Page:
Sunday, April 20, 2008

A Question of Judgment

News judgment. It's one of those elusive concepts that we young journalists seem to spend a hefty amount of time trying to grasp. What is it really? In Fundamentals of Journalism, we learned that a newsworthy story had at least a few of six specific elements, but those elements become difficult to recall when trying to find stories to pitch, or when figuring out what this hour's newscast should lead with.

Hell, those elements are hard to remember while crafting blog posts.

As I ponder this, I wonder if news judgment is a matter of perspective. And whether young journalists have a harder time deciding what makes news because we're so used to our older editors and colleagues making the editorial decisions.

Is it that, because of different life experiences and frames of reference, our idea of "news" differs from those whom we work under? Is there really any "correct" news judgment, or would the nightly news, the world report and the latest headlines look different if younger journalists, minority journalists, women journalists were calling the shots?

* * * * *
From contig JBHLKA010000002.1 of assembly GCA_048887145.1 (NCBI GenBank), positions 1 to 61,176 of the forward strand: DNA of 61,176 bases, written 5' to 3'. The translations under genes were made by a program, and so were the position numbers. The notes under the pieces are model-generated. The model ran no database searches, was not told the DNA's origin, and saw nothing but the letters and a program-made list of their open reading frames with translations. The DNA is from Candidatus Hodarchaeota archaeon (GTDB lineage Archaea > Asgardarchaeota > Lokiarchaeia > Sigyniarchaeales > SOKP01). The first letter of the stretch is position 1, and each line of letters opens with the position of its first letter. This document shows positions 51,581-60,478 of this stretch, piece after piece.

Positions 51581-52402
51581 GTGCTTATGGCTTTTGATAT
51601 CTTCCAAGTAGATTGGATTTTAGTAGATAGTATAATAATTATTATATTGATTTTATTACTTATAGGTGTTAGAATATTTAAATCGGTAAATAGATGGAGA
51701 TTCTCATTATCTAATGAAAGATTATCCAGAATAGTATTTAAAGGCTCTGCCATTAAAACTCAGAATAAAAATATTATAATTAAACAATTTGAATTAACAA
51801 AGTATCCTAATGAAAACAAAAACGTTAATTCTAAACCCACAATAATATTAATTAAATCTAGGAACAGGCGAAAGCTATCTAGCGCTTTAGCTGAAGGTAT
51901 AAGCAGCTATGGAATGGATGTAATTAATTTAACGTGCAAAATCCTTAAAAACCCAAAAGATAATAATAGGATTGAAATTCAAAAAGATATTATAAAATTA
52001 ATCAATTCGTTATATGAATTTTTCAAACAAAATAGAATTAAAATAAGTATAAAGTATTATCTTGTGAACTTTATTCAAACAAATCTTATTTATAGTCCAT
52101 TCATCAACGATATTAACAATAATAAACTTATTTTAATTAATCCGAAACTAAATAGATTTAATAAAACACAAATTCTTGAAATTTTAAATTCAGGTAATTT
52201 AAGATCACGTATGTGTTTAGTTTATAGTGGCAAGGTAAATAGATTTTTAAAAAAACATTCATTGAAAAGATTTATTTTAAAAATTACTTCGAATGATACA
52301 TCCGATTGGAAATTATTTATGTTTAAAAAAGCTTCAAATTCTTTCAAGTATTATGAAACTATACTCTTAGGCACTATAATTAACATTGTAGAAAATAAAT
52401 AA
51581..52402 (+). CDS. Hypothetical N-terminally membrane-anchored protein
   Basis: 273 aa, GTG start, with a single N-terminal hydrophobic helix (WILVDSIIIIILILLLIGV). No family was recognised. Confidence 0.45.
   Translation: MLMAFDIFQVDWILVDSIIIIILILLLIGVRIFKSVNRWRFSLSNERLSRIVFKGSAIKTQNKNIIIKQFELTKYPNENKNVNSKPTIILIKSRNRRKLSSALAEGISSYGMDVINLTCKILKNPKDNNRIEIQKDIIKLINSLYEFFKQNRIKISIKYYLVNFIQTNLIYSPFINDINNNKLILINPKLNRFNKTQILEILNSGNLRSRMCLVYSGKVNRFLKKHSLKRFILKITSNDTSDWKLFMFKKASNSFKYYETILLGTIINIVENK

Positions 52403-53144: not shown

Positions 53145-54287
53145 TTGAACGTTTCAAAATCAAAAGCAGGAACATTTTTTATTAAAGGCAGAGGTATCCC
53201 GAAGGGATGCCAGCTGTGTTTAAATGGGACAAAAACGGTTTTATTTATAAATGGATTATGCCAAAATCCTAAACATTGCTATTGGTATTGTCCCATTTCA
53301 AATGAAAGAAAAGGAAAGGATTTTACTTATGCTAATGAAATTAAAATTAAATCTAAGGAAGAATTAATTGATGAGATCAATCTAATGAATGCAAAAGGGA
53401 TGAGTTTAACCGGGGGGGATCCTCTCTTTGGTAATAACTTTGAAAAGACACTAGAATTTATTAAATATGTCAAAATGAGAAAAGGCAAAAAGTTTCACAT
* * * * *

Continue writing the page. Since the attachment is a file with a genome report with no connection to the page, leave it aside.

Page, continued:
When it really comes down to it, is judgment not just a matter of perspective? If so, then who's to decide right from wrong?

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Posted by Veronica Marché at 1:58 AM | link

Read or Post a Comment

I think one's news judgement depends on a few factors
a) your news environment (what happens in your area, what matters to the demographic)
b) your outlet's news philosophy
c) how the story is told (what needs to be present in the story)
d) who tells the story (the voices)
e) how easy it'll be to obtain elements of the story, the voices and the background

I was once told the way to cut to the chase is that to know if the story really matters you should know when a story will leave you outraged or make you cry. The right story makes you think but more importantly makes you feel some sort of way.

Posted by Blogger CNEL @ 3:26 PM, April 21, 2008 #
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